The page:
Voyages et Avantures de Jaques Massé. Simon TYSSOT DE PATOT.
Voyages et Avantures de Jaques Massé.

Voyages et Avantures de Jaques Massé.

Bordeaux: chez Jacques l'Aveugle, 1710.

Duodecimo, with woodcut device on title; contemporary sprinkled calf.

The Australians are obsessed with mining

First edition (Rosenberg edition 'A'), of this important imaginary voyage to Australia: a 'landmark' in the development of the French voyage novel (Atkinson). Friederich comments that the importance of mining and irrigation to the Australians makes it the only work 'to foreshadow what has actually come to pass in modern Australia'.

First edition (Rosenberg edition 'A'), of this important imaginary voyage to Australia: a 'landmark' in the development of the French voyage novel (Atkinson). Friederich comments that the importance of mining and irrigation to the Australians makes it the only work 'to foreshadow what has actually come to pass in modern Australia'.

Tyssot de Patot was a well-known Huguenot free-thinker, whose writings were a continual source of scandal: Voltaire thought that he had 'carried the torch of discord into their homeland'. Certainly the antagonistically anti-religious stance of this novel created much ill-feeling. Atkinson comments that because 'open criticism of the Bible is so frequent' he will have to content himself with listing just a few of the more extreme examples.

Nonetheless, Atkinson's positive summary gives a good sense of the importance of the work: 'a close following of accounts of real travellers, such as Dellon, Tavernier, Mocquet, and Lahontan. There is nothing fantastic, unbelievable or overdrawn in the descriptions of the Austral continent… the realistic presentation of the story, in particular the detailed account of the adventurer's camp in the Austral continent, the building of a raft, and the descriptions of plants and trees, may be compared favourably to similar passages in the Robinson Crusoe of later date…'.

Massé shipwrecks on the Southern continent at '44 South latitude, almost at the point where Kerguelen Island will be found to be on modern maps' (Atkinson). Whilst most of the survivors of the wreck are content to maintain a large presence on the coast, Massé and his friend Moret travel inland where they settle in an enormous and well-organised utopia, 'a plentiful, fruitful country, a land of blessing and peace … where human blood is sacred and safe from the rage and tyranny of great men'. They become so enamoured of their Australian hosts that they abjure their faith and their European heritage, and it is only when Moret is betrayed by his liaison with a treacherous queen that they reluctantly flee, escaping rather fortuitously by a subterranean river which deposits them close by the original settlement. They remain besieged in the camp for another twelve years before they are finally picked up by a Portuguese ship.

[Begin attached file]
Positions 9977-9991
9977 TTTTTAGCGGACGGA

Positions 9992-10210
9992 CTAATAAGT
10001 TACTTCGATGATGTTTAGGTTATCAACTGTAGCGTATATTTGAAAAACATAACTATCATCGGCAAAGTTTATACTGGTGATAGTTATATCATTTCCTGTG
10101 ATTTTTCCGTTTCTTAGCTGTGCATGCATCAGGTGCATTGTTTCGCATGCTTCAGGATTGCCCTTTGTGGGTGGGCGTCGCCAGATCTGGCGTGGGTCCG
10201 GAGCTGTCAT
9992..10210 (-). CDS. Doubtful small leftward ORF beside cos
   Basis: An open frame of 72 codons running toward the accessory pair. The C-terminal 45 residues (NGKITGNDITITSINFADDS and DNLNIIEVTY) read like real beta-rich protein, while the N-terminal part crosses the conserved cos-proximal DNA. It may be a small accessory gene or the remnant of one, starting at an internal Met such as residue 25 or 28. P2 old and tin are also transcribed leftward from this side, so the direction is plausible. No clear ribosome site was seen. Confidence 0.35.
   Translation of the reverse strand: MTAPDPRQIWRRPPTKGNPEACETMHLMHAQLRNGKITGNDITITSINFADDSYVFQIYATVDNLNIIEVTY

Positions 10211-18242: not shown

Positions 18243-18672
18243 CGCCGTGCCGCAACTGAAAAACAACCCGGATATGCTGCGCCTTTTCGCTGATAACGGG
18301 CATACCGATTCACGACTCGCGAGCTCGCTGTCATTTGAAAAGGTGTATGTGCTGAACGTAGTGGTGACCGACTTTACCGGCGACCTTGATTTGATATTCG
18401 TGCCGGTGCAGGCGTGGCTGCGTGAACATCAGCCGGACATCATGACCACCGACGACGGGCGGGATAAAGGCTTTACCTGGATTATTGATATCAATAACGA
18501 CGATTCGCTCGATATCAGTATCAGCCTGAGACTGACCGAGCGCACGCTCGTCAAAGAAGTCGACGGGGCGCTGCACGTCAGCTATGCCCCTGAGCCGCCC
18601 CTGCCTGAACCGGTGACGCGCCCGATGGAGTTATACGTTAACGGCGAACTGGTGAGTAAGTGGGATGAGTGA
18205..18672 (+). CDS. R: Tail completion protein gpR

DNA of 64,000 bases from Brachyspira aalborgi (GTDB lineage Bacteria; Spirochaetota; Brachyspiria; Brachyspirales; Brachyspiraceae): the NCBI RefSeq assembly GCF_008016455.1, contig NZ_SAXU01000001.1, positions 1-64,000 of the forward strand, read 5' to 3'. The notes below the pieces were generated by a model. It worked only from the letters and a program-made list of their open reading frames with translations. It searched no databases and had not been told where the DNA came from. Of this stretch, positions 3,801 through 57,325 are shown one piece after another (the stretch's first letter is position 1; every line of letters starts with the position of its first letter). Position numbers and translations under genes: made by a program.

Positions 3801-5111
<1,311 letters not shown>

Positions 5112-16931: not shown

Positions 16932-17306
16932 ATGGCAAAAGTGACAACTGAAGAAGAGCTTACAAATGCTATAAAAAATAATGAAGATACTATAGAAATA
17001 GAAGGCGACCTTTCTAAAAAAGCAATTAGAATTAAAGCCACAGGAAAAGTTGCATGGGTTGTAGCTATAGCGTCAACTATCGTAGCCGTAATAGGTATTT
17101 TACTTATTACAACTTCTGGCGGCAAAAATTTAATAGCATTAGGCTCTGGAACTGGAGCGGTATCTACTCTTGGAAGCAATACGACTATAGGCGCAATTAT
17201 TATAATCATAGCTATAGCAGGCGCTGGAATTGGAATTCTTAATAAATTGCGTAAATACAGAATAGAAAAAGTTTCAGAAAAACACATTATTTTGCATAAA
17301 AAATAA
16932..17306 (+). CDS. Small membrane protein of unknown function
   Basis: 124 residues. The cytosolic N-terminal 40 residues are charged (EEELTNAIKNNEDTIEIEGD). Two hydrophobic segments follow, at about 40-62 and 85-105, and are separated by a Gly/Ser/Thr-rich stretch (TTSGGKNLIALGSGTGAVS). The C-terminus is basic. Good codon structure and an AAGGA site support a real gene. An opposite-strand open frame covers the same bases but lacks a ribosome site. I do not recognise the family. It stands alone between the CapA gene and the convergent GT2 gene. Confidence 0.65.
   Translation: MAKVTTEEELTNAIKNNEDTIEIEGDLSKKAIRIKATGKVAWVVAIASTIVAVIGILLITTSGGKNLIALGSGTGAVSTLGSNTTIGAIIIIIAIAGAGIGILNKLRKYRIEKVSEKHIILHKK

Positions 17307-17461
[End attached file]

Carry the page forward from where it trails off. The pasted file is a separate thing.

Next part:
The question of editions has been thoroughly investigated by Aubrey Rosenberg (Tyssot de Patot and his work 1655-1738, The Hague, 1972), in an attempt to clarify the four editions purporting to be published in 1710 (three by the same publisher). He argues that none of the four were published in 1710, and that this edition, with an armillary sphere device on the title with its base pointing to the left, was probably published between 1714 and 1717, and is the true first edition of the work. As Rosenberg points out, this research dispels the notion that after a flurry of editions, interest in Tyssot died out: in fact, the staggered publications argue a sustained interest in the work throughout the eighteenth century.

Provenance: James Hustler ("of Acklam in Cleveland in the North Riding of the Country of York Esq.", engraved armorial bookplate dated 1730); Bernard Gore Brett (Melbourne book collector).

Rosenberg, Edition 'A', p. 84-5.

Condition Report: Extremities slightly rubbed, rebacked, corners reinforced, a very good copy.

Price (AUD): $4,200.00

US$3,155.23   Other currencies

Ref: #3201143

Condition Report